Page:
The 2023 UK State of Nature Report was published last night, and as the RSPB put it on X (Twitter), it makes for pretty grim reading. The State of Nature Reports are the most comprehensive assessment on the UK’s current biodiversity, based on data from biological monitoring and recording schemes across the country.
As with previous reports, State of Nature 2023 describes drastic – and depressing – declines in the UK’s native biodiversity since the 1970s. Distributions of 54% flowering plant species have decreased across Great Britain, the abundance of 753 terrestrial and freshwater species has dropped an average of 19%, and 58% UK priority species have shown a decline. This isn’t surprising news, but feels especially painful alongside findings that public sector funding for biodiversity conservation has declined 24% over the last five years (declining both in absolute terms and as a percentage of GDP). These species declines come against a backdrop of historic habitat loss and degradation: the report finds that woodland cover in 2022 was only 13%, with approximately half of this comprising non-native trees (particularly conifer plantations) and only 14% priority habitats, 7% woodland, and 25% peatlands assessed to be in good condition. The picture is largely the same in aquatic environments, large areas of the UK seafloor failing to meet Good Environmental Status owing to habitat disturbance from fishing.
But the report doesn’t just provide bad news. It comes with a clear message: we need to halt and reverse biodiversity decline, and we need to do this by not only increasing conservation and restoration efforts, but by tackling the drivers of biodiversity loss, especially with regard to the UK’s food system – both consumption and production. 71% of the UK’s land is managed by farmers and other land managers, and historic management has resulted in widespread biodiversity loss. It is clear that if we are to bend the curve on nature loss, we need to change the way we feed ourselves and manage our land. Some progress has been made to this end: the UK Government and devolved administrations have launched several new initiatives encouraging better farming practices – generically known as Agri-Environment Schemes (AES) – such as the reimplemented Countryside Stewardship programme and new Sustainable Farming Incentive and Landscape Recovery schemes. Whilst only a few of these schemes can truly be considered nature-friendly farming, a fifth of farmland is now in agri-environment schemes, and there is strong evidence that well-targeted and evidenced schemes can increase the abundance of several species. In essence, we know ways in which we can do better.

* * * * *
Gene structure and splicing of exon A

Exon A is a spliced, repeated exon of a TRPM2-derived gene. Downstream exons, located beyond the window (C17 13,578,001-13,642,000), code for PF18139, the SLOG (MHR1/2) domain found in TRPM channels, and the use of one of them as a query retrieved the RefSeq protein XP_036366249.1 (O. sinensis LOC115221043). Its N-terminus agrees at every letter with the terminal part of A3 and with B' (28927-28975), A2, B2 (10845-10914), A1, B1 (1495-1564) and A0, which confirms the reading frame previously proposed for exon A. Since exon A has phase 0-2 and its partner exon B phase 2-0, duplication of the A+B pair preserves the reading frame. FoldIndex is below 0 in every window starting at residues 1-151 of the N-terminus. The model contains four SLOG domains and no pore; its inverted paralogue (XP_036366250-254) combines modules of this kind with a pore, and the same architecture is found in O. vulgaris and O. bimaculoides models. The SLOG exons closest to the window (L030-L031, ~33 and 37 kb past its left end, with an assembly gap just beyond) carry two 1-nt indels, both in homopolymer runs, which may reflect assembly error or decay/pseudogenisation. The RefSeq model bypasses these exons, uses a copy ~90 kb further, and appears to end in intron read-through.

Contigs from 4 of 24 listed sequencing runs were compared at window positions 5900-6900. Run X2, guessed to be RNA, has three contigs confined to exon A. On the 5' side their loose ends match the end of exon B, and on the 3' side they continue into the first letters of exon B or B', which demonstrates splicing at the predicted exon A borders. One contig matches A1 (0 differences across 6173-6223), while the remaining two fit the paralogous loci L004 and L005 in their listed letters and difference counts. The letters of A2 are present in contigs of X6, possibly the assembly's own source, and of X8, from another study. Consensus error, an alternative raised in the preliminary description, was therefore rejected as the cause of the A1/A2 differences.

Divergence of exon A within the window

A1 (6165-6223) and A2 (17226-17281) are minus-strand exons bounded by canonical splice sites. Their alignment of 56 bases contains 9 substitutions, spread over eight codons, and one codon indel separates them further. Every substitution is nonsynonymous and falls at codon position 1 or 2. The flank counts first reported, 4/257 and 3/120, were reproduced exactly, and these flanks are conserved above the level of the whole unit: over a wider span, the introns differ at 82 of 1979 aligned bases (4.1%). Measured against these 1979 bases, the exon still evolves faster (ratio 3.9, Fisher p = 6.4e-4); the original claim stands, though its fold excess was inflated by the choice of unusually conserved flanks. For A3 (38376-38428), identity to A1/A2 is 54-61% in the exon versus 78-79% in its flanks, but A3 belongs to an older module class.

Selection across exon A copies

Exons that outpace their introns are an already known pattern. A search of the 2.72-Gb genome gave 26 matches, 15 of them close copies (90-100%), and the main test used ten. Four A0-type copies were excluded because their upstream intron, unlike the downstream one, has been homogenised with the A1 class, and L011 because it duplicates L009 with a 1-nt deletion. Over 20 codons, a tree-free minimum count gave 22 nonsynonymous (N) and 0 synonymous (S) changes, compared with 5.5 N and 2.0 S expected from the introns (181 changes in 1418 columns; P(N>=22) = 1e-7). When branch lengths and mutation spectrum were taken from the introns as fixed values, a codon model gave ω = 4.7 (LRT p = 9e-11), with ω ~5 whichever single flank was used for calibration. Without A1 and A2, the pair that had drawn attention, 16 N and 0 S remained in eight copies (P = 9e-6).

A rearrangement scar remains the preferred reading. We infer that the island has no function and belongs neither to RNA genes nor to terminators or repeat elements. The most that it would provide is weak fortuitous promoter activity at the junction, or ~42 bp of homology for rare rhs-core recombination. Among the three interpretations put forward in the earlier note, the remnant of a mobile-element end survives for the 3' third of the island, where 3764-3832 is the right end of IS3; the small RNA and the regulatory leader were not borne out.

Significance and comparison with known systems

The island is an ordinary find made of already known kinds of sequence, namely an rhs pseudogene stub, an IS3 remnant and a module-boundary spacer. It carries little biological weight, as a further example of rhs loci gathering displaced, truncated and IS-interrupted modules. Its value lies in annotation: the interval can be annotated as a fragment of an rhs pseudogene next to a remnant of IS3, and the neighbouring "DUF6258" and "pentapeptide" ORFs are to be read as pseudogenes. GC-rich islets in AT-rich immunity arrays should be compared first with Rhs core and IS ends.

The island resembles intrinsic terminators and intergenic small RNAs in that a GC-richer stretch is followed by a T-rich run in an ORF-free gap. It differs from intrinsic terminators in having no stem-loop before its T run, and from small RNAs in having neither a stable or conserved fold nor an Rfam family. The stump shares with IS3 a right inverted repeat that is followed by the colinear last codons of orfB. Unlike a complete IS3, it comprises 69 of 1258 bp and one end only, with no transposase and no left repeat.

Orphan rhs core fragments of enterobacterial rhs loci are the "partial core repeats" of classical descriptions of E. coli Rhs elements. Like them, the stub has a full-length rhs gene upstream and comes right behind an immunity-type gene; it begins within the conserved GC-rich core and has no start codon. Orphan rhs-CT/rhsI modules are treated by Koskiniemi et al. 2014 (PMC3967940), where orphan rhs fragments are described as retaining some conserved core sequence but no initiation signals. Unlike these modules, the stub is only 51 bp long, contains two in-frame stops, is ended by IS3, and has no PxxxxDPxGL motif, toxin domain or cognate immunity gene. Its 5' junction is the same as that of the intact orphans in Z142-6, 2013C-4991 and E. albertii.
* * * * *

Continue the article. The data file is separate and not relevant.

And we’ve managed to do better in some instances. One example highlighted in the report is the conservation of several epiphytic bryophyte species thanks to Government action to address pollution levels. The EU National Emissions Ceiling Directive compelled the UK to reduce levels of sulphur dioxide in the atmosphere, and this action is heralded as an important contributor to the population recoveries of several bryophyte species (vital for maintaining the health of ecosystems) since 1995, including the Wood Bristle Moss which has experienced a range increase of 1699 hectads (10×10 km). RSPB’s Hope Farm has trialled diversified crop rotation and conversion of 10% of its formerly cropped land to support nature, resulting in food energy production only dropping to 90.4% of previous levels whilst breeding bird populations increased 177% and GHG emissions dropped by 9.4%. Environmental organisations have shown that it is possible, both logistically and economically, to create a better future for people and nature. We highlighted what that better future for people and nature could look like in our latest report, “Creating a nature-rich UK”.
But this future will remain a pipedream unless the Government adopts ambitious legislation backed up by meaningful action. The Climate and Ecology (CE) Bill is the only proposed legislation before the UK Parliament that ensures a comprehensive and joined-up approach to the climate and biodiversity crises, and is vital if we are to address the full extent of nature loss in the UK.
We need to see bold, joined up steps made by the Department for Agriculture and Rural Affairs (DEFRA), along with the the Treasury and departments responsible for energy and net zero, business and international trade – with a whole food system approach – to rise to the challenge and spearhead change for people today and for a prosperous and equitable future. Amidst a swathe of backtracking and delays of environmental legislation, true leadership is needed if we are to one day have a State of Nature report celebrating the country’s biodiversity rather than mourning it.
The report summary ends with a poignant quote: “We have never had a better understanding of the State of Nature and what is needed to fix it.”
That’s why Zero Hour will be joining Chris Packham’s Restore Nature Now rally outside of DEFRA’s HQ today (28th Sept 2023) to make it clear to the Government that we demand change, now.
We demand a brighter future. We demand a healthy environment. We demand a better state of nature, for ourselves and all those yet to come.